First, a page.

A to Z’s of Early Childhood

The Science of Child Development and Learning

K is for Kindergarten Readiness

Ensuring Communities Create “Ready” Schools

“Kindergarten readiness” is a phrase used to describe the knowledge, skills, or learning approaches children need to be successful when they enter kindergarten. In preschool, emphasis is often placed on preparing children for the social and academic requirements of kindergarten.  Supporting children’s successes and addressing their challenges in kindergarten can have lasting influences on later development and learning3,7. Beyond focusing on how children can be ready, it is equally important to ensure schools and classrooms are ready to support all children and families as they enter kindergarten. 

Strategies for Creating “Ready” Schools

Here are four recommended strategies for creating “ready” schools to meet the needs of all children and their families as they enter kindergarten. 1,2,4,5,6

Strategy 1: Create opportunities for families to learn about the school and expectations for kindergarten.

  • School personnel should ensure families have formal (e.g., meet the teacher) and informal (e.g., speaking to other parents) opportunities to learn about the school and expectations for kindergarten. 
  • Support the family as they make plans for any changes in the child’s daily routine (e.g., school start time, stopping a daily nap, or taking the bus).
  • When possible, offer opportunities for the child to transition gradually into the kindergarten classroom (e.g., attending for half a day for a month before attending a full day).

Strategy 2: Build collaborative partnerships to ensure success.

  • Facilitate periodic communication between those in the “sending” environments (e.g., home or early learning center) and those in the “receiving” environment (i.e., kindergarten) at least 6 months before the child begins kindergarten.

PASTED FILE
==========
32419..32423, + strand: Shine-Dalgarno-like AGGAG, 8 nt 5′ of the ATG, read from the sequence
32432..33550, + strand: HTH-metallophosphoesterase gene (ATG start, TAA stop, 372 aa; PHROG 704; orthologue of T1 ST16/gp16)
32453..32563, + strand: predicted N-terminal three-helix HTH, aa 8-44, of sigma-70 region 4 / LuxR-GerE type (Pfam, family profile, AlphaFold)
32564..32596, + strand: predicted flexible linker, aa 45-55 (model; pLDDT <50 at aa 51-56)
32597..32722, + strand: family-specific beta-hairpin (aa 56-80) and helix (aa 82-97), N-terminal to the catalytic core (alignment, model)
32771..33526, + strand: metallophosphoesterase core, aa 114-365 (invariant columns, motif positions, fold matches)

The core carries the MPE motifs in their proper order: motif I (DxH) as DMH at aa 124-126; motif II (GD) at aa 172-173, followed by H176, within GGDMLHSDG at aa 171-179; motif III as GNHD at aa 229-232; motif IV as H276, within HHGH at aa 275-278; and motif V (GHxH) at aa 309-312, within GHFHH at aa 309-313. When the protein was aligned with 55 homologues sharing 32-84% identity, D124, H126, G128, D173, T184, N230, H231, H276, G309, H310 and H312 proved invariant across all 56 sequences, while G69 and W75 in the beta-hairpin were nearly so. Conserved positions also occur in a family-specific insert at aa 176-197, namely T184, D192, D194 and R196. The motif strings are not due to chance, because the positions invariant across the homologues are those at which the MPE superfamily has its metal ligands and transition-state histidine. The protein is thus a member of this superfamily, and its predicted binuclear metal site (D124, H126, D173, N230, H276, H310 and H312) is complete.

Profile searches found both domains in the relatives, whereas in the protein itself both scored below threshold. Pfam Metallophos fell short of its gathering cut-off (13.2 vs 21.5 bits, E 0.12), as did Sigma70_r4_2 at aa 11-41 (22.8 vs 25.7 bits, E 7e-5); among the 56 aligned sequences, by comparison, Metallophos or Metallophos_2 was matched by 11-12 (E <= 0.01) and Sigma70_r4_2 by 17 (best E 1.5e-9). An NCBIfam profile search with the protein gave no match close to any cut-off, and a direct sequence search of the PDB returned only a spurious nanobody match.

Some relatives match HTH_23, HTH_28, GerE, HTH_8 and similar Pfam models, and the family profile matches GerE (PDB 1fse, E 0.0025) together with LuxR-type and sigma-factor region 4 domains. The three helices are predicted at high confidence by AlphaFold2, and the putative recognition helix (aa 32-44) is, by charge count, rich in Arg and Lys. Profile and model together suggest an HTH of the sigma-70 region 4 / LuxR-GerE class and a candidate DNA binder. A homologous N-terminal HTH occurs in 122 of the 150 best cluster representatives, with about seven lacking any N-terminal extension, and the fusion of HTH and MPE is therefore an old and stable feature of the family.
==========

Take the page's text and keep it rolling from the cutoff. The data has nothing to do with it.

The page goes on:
• Help the child understand how activities, routines, and expectations are similar or different across environments (e.g., make a “countdown to kindergarten” calendar).
  • Ensure opportunities for families to be engaged during and after the initial transition to kindergarten (e.g., volunteering in the classroom, eating lunch with their child).

Strategy 3: Learn about and meet each child’s unique needs to support a successful transition to kindergarten.

  • Communicate about the child’s strengths, needs, and approaches to learning that have been observed in preschool (if applicable) and at home. 
  • Share information with the kindergarten teacher about the child’s previous learning experiences at home, in preschool, and in community environments.
  • Use formal and informal information to individualize supports for each child (e.g., a child who did not have preschool experience might need more support).

Strategy 4: Communicate about child development and learning in kindergarten.

  • Discuss with the family how information about children’s social and academic progress is collected and summarized in kindergarten (e.g., progress reports).
  • Share formal and informal information about children’s strengths, needs, and progress during the kindergarten year.
  • Communicate information about children’s development and learning, including successes and challenges, in ways that are useful to and preferred by the family (e.g., written or verbal).
What We are Doing

The Anita Zucker Center and our collaborators support early learning programs to use practices that promote “ready” schools and successful transitions to kindergarten.

Learn more:

  • CHILD Center for Early Learning
    Learn more about the CHILD Center, a model demonstration early education and care center that uses evidence-based practices to promote successful transitions to kindergarten for children and families.